As shown in FIG. 2A, when the closure is fastened down onto the neck of a bottle 25, the outer wall 16 contacts the inner edge 26 of the sealing lip 28. Due to its angled disposition, the inner wall 16 extends down into the throat of the bottle as the closure is screwed down until it. reaches a point where it engages edge 26. At this point, further tightening of the closure causes wall 26 to deform and bend around the lip edge 26. The deformation is readily permitted by the relative thinness of the closure material, and the groove or air space 20 on the upper wall 10 into which wall 16 can move as it deforms. As should be apparent, the upper end point of inner wall 18 on wall 10 acts somewhat like a hinge permitting limited movement of the sealing rim toward the center of the closure. Thus, the action of both walls 16 and 18 and their air space 20 permit the ready deformation of wall 16 into conformity with the lip edge 26 until a complete seal is formed therearound when the closure is fully screwed down.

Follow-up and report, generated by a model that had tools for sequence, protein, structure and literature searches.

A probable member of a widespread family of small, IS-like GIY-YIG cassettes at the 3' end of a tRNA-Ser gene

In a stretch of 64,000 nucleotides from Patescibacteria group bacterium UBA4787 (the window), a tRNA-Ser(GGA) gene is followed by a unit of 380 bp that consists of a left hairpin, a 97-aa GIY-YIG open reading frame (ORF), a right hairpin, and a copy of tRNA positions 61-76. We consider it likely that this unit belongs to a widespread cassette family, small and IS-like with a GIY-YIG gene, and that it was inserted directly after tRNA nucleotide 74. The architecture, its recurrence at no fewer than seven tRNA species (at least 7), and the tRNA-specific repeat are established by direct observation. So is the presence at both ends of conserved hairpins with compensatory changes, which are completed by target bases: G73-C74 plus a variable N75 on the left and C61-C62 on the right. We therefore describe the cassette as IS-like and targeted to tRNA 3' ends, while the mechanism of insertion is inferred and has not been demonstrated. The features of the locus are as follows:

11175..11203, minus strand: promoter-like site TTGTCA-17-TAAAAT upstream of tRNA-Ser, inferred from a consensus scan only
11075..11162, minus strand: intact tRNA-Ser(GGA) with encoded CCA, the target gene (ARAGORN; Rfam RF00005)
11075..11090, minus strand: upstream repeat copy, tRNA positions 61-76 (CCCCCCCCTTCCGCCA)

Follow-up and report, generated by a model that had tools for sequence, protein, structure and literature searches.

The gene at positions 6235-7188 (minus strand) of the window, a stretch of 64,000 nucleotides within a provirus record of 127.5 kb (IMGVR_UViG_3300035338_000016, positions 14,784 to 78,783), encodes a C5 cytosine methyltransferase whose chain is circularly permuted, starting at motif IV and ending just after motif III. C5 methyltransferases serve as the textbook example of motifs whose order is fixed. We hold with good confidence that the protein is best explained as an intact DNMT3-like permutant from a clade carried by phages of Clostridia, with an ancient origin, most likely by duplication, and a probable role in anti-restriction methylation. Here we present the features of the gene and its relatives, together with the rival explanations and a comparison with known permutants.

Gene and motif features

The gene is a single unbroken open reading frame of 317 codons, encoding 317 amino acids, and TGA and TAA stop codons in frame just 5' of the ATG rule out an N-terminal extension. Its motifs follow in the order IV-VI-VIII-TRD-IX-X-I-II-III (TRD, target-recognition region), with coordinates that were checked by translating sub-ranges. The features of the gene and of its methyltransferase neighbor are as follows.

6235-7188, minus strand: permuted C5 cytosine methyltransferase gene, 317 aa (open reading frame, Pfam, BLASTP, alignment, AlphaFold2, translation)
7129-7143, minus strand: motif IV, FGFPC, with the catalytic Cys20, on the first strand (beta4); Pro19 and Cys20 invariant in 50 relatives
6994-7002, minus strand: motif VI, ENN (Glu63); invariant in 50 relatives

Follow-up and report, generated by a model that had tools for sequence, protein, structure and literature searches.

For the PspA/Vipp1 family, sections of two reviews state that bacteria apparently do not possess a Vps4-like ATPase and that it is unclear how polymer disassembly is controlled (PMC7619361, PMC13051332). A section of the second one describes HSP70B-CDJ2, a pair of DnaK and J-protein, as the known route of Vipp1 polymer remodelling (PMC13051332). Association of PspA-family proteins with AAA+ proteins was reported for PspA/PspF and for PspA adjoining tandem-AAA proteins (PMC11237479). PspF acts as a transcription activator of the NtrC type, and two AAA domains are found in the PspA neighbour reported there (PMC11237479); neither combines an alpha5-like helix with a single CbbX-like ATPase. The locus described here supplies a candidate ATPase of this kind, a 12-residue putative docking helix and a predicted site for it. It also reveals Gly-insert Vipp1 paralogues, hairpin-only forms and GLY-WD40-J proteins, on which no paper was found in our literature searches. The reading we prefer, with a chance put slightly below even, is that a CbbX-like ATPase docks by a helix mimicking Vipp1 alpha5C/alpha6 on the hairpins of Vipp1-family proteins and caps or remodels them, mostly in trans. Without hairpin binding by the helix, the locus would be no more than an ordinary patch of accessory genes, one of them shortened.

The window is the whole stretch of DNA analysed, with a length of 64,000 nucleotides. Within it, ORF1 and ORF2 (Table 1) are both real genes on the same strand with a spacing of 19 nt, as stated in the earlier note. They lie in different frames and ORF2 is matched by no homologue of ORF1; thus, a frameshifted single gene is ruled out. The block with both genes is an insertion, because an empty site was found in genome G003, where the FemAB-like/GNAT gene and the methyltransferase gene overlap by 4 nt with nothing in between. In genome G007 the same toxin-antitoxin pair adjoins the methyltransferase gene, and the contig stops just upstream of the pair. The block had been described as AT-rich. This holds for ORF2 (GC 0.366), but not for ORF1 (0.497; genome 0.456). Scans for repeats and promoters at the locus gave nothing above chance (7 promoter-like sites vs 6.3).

FIGS. 3 and 3A show another embodiment of the invention in which two sealing rims 30 and 35 are formed on the under-surface of top wall 10. As in FIG. 2, each of the rims is formed with a pair of walls leaving an air space or groove 20 therein which, in cooperation with the flexible material of the closure permits one of the walls to readily deform to seal an edge of the bottle lip in the manner described with respect to FIGS. 2 and 2A. As shown, sealing rim 30 is used to seal the inner edge 26 of the bottle lip while rim 35 seals the outer edge 27. Here, the outer wall 31 of rim 30 contacts the inner edge 4 26 of the lip while the inner wall 36 of rim 35 contacts the lips outer edge. The flat portion 33 of the closure is dimensioned to correspond to the width of the flat, or slightly rounded, upper face 28 of the bottle lip.